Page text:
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June 10, 2005

The Authority Debate: A Chronological Link List
Anti-Elitism in Wikipedia


Sanger, Larry. “Why Wikipedia Must Jettison Its Anti-Elitism.“ Kuro5hin. 31 Dec. 2004. 10 June 2005.

Sanger, a co-founder of Wikipedia and an ex-employee, discusses issues that he feels impede Wikipedia’s current and future success. The root problem, he says, is a policy of anti-elitism, or lack of respect for expertise. He identifies two contributing factors:

This perception, which may or may not mirror reality, results in lack of support from the Academy and the public. Sanger reinforces the claim that Wikipedia's product is uneven, and suggests that this is largely due to anti-elitism. An example he uses is the article posted by two experts that is then “hacked to bits by the hoi polloi” who make later edits to the article without respect to the expertise of the original authors. While the premise of Wikipedia is that errors and gaps will be fixed over time, Sanger suggests that something should be done to “guarantee a reputation for reliability.”Sanger no longer participates in Wikipedia because of the uncollegial atmosphere fostered by policies of tolerance for trolls. He suggests that other experts shun the project because they do not want to deal with rudeness and disrespect. Less tolerance for disruption would create a more welcoming atmosphere that would draw in subject matter experts.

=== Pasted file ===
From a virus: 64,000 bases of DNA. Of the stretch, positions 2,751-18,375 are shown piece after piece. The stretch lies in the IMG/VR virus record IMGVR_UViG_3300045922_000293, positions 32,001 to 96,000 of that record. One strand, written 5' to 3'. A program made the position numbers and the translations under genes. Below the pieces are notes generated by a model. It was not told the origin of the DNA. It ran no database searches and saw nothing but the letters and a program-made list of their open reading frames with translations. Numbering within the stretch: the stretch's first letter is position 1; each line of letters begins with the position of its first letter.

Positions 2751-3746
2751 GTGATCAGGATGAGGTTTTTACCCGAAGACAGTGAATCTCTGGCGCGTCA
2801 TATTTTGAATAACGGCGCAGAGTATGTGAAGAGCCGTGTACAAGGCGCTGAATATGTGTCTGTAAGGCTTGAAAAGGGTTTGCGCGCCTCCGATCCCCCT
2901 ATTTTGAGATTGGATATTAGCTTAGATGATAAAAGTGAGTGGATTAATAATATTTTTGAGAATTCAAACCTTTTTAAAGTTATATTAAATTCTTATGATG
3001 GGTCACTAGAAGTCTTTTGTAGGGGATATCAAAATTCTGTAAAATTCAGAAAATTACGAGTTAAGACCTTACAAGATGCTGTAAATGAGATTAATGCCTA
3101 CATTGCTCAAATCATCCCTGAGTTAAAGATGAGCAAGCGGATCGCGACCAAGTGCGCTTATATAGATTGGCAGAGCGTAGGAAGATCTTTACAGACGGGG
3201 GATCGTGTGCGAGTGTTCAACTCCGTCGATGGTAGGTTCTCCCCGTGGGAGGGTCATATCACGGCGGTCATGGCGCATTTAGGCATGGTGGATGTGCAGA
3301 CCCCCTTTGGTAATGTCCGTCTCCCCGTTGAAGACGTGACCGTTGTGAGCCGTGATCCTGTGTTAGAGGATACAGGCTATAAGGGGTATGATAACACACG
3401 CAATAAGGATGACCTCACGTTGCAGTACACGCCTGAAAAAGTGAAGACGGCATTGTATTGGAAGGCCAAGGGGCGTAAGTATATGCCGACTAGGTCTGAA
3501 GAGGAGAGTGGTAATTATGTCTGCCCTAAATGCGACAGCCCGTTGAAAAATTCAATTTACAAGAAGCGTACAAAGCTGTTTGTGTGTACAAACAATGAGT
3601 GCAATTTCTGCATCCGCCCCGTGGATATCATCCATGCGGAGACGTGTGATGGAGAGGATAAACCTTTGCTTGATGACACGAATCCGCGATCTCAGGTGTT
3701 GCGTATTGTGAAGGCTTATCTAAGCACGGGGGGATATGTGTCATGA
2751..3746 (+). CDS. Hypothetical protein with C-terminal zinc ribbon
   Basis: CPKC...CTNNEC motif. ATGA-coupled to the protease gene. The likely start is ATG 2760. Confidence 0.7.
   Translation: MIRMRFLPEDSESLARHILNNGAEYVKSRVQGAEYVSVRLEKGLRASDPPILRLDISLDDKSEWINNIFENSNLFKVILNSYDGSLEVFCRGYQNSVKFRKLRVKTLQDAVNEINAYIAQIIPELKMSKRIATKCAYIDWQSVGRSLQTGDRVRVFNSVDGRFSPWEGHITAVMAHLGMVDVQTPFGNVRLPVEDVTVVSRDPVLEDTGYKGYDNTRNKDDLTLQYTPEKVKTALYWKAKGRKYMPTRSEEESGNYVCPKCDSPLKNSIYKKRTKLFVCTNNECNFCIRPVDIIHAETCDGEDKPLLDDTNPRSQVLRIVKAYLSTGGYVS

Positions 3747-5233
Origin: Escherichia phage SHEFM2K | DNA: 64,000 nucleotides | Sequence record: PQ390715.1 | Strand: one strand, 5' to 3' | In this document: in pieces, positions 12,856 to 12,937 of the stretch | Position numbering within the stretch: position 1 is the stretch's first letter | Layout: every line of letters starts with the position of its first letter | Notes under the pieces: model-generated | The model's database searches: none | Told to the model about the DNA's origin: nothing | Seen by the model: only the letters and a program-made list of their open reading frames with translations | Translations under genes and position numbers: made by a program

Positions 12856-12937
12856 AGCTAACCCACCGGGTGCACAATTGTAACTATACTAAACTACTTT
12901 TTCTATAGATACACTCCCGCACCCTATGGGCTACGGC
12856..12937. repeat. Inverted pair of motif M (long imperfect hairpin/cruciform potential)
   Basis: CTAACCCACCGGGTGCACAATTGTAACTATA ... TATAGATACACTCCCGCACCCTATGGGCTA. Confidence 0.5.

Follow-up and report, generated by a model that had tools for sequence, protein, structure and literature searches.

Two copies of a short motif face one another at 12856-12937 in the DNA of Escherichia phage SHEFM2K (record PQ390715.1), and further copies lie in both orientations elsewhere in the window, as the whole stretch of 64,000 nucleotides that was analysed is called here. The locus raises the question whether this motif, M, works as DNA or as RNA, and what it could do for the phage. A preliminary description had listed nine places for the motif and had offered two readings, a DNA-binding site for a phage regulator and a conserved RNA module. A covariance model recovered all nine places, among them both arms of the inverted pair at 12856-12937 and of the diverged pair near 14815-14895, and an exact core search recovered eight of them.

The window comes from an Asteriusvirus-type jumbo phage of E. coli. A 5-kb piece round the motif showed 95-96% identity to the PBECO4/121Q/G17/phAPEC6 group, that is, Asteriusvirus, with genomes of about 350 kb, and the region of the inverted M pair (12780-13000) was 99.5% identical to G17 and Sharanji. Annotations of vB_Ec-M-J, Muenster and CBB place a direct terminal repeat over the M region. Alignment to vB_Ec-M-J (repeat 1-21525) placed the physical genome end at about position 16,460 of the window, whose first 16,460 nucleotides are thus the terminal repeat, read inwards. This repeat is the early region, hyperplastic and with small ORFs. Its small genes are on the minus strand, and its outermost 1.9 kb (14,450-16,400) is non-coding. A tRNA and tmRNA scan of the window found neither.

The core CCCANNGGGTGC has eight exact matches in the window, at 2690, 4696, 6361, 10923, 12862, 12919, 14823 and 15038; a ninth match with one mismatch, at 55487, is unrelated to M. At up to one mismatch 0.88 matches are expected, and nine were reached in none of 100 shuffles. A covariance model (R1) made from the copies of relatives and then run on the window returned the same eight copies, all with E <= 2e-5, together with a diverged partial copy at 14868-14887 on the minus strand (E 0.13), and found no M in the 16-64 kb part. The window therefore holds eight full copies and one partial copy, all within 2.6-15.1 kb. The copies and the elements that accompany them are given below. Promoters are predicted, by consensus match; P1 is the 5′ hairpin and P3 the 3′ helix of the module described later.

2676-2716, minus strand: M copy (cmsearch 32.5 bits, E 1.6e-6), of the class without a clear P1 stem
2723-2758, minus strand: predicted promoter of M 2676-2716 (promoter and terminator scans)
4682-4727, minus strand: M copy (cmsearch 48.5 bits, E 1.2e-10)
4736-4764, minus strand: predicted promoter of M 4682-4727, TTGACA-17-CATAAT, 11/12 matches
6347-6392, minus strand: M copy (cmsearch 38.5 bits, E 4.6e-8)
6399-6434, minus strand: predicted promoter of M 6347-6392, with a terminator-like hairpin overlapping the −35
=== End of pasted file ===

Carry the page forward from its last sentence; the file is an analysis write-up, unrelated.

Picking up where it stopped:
It’s been suggested that Sanger’s opinions are at odds with Wikipedia’s policy of “radical openness.” In his conclusion, Sanger says they are not, and that openess does not require disrespect. He doubts that his suggestions will be implemented at Wikipedia, and supposes that a project fork will eventually occur so that a vetted version of Wikipedia can be developed.


Shirky, Clay. “K5 Article on Wikipedia Anti-Elitism”. Many 2 Many. 3 Jan. 2005. 10 June 2005.

In response to the Sanger piece, Shirky claims that Wikipedia’s anti-elitism is a feature, not a flaw. He responds to Sanger point-by-point:

He ends with the warning that Wikipedia and Britannica are not comparable, but are different things entirely. Wikipedia, as a real-time open application, is capable of things that Britannica is not, and vice versa. In five years, he claims, Wikipedia will be “essential infrastructure.”

(Same-day link post at BoingBoing.)

Posted by kenne329 at June 10, 2005 1:54 PM | Authority | Blog Posts | Webzines | Wikipedia